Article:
The genetic tool adept at line-by-line gene editing, CRISPR, has revolutionized the ability of scientists to manipulate genes for experimental, and perhaps someday therapeutic, purposes. But it comes in several varieties. The most commonly used, CRISPR-Cas9, only one of many CRISPR systems that, in nature, help bacteria defend themselves against invading viruses by chopping up viral DNA.
New research from Luciano Marraffini’s lab, led by graduate student Nora Pyenson, has found that a system called CRISPR-Cas10 is superior at targeting rapidly mutating viruses. While CRISPR-Cas9 requires specific DNA sequences on the virus to be intact in order to cut it, the researchers found that CRISPR-Cas10, in the bacteria Staphylococcus epidermidis, can mount an effective immune response even when mutations are present in these sequences. The findings are published in Cell Host Microbe.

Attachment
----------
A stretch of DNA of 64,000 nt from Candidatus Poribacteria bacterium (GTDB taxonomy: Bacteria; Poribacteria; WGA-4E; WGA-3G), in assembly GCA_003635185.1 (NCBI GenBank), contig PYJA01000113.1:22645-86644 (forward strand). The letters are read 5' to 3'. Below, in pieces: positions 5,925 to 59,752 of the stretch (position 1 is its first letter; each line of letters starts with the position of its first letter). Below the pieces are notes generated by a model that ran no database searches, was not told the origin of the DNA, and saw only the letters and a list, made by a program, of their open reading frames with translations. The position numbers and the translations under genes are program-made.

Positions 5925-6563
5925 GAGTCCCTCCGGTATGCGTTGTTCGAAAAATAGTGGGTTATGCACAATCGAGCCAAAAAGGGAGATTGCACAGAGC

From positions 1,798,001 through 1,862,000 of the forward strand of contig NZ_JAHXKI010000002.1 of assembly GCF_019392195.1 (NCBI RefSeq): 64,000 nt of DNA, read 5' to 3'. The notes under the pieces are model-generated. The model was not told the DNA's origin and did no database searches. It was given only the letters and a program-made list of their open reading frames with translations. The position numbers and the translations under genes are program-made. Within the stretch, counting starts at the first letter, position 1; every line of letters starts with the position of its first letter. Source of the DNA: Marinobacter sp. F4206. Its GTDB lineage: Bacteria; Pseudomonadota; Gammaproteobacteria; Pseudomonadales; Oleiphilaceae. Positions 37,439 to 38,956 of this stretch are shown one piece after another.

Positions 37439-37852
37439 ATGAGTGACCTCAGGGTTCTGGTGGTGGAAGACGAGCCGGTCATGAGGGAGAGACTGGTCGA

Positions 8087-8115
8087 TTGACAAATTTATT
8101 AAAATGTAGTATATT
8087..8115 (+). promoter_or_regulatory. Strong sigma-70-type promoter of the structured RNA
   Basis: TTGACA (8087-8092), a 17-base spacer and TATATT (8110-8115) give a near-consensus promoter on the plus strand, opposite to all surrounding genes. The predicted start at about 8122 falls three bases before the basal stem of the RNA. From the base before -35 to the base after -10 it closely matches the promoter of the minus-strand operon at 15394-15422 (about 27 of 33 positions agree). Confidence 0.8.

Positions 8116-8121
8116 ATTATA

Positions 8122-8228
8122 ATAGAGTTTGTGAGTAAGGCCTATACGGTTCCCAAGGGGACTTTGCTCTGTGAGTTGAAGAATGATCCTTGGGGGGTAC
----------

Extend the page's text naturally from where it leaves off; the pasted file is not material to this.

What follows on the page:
The flexibility of the system could be harnessed for gene editing technologies that are more robust, although less specific, than those based on CRISPR-Cas9, such as targeting the malaria-causing gene in mosquitos, which can vary within populations.